The road bike spacing is going away from 130 (non-disc) and going to 135/142 spacing like road disc. SRAM is “most likely” doing the same. Shimano is developing the new groups right now. Additionally XTR will have two cassette body options. One for industry to use and the new one which will be proprietary for Shimano use only (12 speed w/ largest 51t rear cassette). SRAM most likely will be doing similar moves mirroring Shimano. This is the behind the scene talk at Eurobike w/ PD mgrs. NDA’s are signed but so no one openly gave all the details at once. Gathered from mulitple sources it “sounds” like this is the general direction for drivelines. 130OLD is starting to die for MY19’… not sure how far down the 135/142OLD road will go (non-disc). Wheel manufactures everywhere are getting ready for wider non-disc road.

  9. ed on

    1x on the road is an answer looking for a problem. A problem we don’t have. It brings no value whatsoever (except more profitability for SRAM).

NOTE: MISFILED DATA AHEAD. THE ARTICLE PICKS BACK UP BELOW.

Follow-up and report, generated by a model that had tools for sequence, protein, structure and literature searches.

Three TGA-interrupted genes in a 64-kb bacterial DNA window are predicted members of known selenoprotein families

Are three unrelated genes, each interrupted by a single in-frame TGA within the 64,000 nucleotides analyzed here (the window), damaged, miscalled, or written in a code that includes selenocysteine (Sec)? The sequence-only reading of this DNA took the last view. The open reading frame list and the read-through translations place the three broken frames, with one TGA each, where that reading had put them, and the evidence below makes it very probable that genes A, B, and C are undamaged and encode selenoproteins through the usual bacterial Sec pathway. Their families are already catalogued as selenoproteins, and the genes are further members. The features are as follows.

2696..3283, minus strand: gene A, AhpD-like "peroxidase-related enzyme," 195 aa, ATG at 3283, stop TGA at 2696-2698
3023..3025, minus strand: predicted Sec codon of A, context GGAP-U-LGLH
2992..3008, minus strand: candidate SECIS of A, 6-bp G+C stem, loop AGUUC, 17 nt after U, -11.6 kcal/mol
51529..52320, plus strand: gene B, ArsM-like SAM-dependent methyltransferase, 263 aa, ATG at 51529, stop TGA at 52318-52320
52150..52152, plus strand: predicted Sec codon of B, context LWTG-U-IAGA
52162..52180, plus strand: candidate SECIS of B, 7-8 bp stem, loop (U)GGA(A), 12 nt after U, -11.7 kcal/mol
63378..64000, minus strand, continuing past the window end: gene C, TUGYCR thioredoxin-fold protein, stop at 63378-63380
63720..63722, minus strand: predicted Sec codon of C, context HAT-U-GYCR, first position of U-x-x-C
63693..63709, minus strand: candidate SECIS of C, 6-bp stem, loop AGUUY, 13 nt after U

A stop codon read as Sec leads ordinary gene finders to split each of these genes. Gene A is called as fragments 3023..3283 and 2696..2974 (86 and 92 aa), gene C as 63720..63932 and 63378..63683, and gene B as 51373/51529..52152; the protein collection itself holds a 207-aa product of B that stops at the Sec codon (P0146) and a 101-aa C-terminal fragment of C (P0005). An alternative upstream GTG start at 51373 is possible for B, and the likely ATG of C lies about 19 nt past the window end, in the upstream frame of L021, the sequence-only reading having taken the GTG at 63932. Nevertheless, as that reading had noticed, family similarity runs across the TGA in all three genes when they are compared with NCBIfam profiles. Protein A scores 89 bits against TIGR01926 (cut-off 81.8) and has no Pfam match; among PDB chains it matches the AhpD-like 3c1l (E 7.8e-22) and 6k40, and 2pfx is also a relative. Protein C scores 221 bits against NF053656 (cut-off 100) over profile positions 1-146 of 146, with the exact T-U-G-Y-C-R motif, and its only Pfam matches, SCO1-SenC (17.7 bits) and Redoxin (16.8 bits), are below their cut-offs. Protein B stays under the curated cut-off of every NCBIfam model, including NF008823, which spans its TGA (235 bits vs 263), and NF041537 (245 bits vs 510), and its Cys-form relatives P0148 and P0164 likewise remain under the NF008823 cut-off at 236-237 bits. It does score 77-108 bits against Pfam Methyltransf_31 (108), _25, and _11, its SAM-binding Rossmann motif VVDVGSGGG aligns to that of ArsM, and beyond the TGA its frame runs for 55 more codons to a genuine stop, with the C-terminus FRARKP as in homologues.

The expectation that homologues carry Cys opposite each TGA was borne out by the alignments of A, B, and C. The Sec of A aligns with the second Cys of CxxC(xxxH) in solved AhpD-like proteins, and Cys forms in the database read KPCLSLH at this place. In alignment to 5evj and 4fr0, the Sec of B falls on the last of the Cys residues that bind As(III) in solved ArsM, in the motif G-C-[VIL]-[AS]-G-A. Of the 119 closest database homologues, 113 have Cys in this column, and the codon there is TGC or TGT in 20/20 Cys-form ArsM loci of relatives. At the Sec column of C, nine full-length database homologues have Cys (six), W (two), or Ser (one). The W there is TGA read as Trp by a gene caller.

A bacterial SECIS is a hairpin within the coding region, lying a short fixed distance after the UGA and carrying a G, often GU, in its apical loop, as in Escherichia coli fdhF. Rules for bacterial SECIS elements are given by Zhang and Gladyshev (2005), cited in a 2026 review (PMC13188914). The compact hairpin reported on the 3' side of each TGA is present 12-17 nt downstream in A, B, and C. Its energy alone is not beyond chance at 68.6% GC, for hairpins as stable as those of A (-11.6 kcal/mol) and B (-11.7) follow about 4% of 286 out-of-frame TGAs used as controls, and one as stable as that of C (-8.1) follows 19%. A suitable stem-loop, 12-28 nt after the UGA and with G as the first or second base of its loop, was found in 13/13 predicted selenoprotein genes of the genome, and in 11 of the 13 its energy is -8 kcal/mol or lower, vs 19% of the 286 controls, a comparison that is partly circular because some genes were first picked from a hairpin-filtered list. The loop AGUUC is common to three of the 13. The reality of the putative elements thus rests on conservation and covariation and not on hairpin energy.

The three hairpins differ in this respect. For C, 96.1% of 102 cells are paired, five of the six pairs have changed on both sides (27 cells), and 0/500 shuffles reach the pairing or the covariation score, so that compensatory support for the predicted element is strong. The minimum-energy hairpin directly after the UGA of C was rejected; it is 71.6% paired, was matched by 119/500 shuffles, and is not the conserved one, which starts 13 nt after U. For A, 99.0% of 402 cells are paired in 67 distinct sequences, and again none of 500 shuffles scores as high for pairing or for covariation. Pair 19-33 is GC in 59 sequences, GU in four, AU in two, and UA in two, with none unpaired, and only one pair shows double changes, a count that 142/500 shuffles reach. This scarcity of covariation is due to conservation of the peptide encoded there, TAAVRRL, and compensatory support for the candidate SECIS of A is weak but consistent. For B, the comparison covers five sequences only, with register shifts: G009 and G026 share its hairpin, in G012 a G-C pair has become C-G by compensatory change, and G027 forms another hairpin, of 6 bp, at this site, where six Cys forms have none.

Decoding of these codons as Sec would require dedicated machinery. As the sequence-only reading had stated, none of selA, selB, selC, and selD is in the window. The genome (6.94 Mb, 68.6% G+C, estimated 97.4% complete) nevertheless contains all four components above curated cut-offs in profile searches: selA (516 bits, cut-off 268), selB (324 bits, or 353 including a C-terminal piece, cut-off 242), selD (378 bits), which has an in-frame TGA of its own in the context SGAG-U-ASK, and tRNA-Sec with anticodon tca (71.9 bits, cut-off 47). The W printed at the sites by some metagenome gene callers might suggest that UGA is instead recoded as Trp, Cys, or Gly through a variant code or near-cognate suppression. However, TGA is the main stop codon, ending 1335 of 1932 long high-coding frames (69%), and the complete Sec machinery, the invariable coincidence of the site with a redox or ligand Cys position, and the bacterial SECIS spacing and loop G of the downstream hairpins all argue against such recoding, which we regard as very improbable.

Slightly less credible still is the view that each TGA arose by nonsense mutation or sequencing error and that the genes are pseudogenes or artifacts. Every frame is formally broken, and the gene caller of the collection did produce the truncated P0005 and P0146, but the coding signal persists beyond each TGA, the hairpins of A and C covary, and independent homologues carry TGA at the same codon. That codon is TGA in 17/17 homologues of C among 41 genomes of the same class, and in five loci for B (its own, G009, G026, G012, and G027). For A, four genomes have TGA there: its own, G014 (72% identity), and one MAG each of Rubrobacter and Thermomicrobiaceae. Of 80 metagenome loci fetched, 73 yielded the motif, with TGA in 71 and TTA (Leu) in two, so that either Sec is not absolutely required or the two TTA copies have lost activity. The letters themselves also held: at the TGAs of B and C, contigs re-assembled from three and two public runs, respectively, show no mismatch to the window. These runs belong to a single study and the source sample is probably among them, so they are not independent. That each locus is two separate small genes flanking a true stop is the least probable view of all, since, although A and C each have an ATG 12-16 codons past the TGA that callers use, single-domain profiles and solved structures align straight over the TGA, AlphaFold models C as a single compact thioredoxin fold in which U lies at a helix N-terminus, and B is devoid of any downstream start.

• Marc L on

      Have you tried it? Lighter, less expensive, similar range to a mid-compact (esp. with 12s), and lower maintenance. Accute chain angles can be a little noisy, but assuming an entry-to-mid-range target customer it’s better than cross-chaining or persistent front derailleur rub. Feels like a win for a good chunk of the recreational market.

  10. Tom on

    all this new stuff makes my head hurt. Keep tweaking standards so that we can fit 12 cogs w/ a 9 or 10 tooth small cog so we can ride 1x. Or we could just keep riding 2x, using the wheels and cassettes we already have, and keep the same range of gears with smaller steps between.

  11. Stephen Connor (@steconnor1982) on

    While this will enable the use of 12 speed XD cassettes on road bikes, I think the real game change will be when sram, shimano or campag produce the close ratio cassettes required for road riding/racing an then market them at a price that is not so high as at present (Sram XG 1275 cassette €200, Dura Ace 9000 11-28 €140.00). Obviously the 12 speed rear mech and shifters will need to come to market.
    As several of the above posts have mentioned, I think cassette ratios somewhere around 10-36 would be ideal. A 10-36 paired with a 48t chainring will give you a spread of ratios that is a near to if not identical to a 53/39 11-28 conventional road drivetrain. I’ve ridden a 1 x drivetrain (52t chairing 11-36 cassette) for 18 months and its very very good, the only downside is the big ration jumps further up the cassette. I think the increase of 2 cogs on the 12spd cassette will sort this issue.